Services grew slowly in September as pace of new orders moderated amid competitive pressure and unfavourable weather conditions, says a survey.
The Nikkei India Services Purchasing Managers’ Index (PMI), which tracks services sector companies on a monthly basis, stood at 52 in September, down from August’s 43-month high of 54.7, pointing to a slower and moderate rate of expansion.
A reading above 50 means the sector is expanding while a reading below that points to contraction.
“Service sector performance in India continued to improve relatively modestly in September, a trend that has been evident throughout the year-to-date,” said Pollyanna De Lima, Economist at IHS Markit that compiles the data and author of the report.
As per the survey, though the level of new business placed with Indian services firms increased moderately in September, panelists mentioned competitive pressure and unfavourable weather conditions as factors weighing on incoming new work.
Reflecting softer expansion in activity at the end of both service providers and manufacturers, the seasonally adjusted Nikkei India Composite PMI Output Index fell to 52.4 in September, from August’s 42-month high of 54.6.
“Nonetheless, the latest above-50 reading was the fifteenth in as many months, highlighting ongoing growth in the country,” the survey said.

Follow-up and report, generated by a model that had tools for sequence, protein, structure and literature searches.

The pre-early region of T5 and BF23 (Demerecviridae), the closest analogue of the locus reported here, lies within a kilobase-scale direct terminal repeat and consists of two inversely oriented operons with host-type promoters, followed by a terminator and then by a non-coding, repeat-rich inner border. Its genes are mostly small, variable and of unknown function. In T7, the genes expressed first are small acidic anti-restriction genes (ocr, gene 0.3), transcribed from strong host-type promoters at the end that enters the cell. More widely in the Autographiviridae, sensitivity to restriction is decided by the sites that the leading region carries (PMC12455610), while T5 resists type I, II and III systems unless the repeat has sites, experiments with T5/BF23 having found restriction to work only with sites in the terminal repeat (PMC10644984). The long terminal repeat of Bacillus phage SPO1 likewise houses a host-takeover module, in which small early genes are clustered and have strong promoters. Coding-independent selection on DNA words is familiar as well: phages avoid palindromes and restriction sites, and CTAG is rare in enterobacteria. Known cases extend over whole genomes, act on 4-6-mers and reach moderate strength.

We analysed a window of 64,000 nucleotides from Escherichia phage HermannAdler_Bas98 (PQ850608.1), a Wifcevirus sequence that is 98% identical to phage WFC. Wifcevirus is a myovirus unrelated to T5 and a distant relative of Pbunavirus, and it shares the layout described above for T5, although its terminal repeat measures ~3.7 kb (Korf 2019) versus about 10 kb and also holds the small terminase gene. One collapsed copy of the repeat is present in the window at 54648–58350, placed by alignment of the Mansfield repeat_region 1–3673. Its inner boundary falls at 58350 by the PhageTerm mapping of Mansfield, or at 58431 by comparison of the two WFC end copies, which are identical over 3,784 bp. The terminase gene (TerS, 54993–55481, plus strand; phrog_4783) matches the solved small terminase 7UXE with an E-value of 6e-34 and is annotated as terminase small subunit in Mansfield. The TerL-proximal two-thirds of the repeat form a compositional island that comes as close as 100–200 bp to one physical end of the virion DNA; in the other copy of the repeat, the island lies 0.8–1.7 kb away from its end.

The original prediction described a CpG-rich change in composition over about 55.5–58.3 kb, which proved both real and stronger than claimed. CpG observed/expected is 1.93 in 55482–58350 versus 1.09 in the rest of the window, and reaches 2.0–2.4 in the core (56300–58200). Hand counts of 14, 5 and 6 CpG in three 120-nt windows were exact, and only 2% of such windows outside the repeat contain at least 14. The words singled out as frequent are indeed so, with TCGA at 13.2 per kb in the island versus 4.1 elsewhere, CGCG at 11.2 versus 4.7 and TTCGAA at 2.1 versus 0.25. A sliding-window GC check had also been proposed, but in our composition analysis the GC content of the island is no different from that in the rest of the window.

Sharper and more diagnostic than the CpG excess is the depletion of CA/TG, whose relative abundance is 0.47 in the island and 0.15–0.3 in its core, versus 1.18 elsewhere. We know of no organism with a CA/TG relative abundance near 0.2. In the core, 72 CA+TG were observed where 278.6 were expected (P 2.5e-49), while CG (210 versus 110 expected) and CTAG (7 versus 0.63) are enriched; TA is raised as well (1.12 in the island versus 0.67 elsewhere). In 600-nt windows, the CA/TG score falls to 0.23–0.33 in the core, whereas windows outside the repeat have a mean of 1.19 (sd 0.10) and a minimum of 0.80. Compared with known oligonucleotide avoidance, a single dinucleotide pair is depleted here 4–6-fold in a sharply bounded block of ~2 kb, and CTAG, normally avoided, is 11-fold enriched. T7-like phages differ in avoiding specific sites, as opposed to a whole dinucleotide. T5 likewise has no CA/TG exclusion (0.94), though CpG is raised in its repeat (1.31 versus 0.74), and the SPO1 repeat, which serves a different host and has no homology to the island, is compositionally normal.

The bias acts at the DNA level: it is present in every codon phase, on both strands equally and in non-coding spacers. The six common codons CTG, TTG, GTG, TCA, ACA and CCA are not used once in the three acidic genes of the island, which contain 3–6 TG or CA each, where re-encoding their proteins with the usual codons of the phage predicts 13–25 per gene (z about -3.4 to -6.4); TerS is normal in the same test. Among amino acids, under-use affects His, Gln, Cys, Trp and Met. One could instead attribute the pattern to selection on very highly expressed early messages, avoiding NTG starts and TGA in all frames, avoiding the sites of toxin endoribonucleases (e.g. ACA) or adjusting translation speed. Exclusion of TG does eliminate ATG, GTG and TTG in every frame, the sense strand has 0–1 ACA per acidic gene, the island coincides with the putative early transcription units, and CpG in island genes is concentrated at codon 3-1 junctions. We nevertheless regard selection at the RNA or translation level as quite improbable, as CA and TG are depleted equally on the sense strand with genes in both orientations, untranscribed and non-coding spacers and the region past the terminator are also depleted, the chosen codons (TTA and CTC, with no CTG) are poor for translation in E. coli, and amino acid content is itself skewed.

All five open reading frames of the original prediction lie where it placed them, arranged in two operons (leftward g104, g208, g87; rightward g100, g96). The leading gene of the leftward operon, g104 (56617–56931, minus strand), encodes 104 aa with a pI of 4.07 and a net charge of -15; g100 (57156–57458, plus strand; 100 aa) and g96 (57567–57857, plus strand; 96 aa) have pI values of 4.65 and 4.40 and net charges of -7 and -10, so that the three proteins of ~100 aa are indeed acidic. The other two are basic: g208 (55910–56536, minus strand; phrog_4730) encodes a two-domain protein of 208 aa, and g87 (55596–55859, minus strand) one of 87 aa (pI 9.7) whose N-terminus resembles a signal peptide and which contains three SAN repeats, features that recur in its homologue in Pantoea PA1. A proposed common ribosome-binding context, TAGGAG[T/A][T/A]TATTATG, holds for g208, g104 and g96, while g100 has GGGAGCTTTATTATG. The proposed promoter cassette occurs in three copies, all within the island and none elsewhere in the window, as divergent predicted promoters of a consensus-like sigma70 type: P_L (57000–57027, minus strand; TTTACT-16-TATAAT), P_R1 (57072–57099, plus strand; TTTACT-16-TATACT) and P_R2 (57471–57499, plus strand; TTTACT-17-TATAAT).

The PMI Composite Output Index posted its highest reading since the January-March 2015 quarter, suggesting a pick-up in GDP growth.
“This would be welcome by policymakers after the below-expectations figure of 7.1 per cent y-o-y recorded in Q1,” Lima said.
On Inflation, the survey said prices charged were raised in line with the higher cost burden.
“Food and petrol prices continued to climb in September, which placed pressure on operating costs. In response, private sector companies raised their own prices for the second straight month although inflation remained relatively soft,” Lima added.
The Reserve Bank yesterday reduced the short-term lending rate (repo) by 0.25 per cent to a 6-year low of 6.25 per cent in this fiscal’s fourth bi-monthly monetary policy statement.
On the employment front, the survey said both services and manufacturing firms reported stagnant staffing levels so far this year, but given the higher backlog of work across the private sector, businesses may be more willing to take on additional workers.
“The ongoing upturn in new work combined with muted employment growth led to backlog of work across the private sector… As a result of this, businesses may be more willing to take on additional workers as we head to the year-end,” Lima said.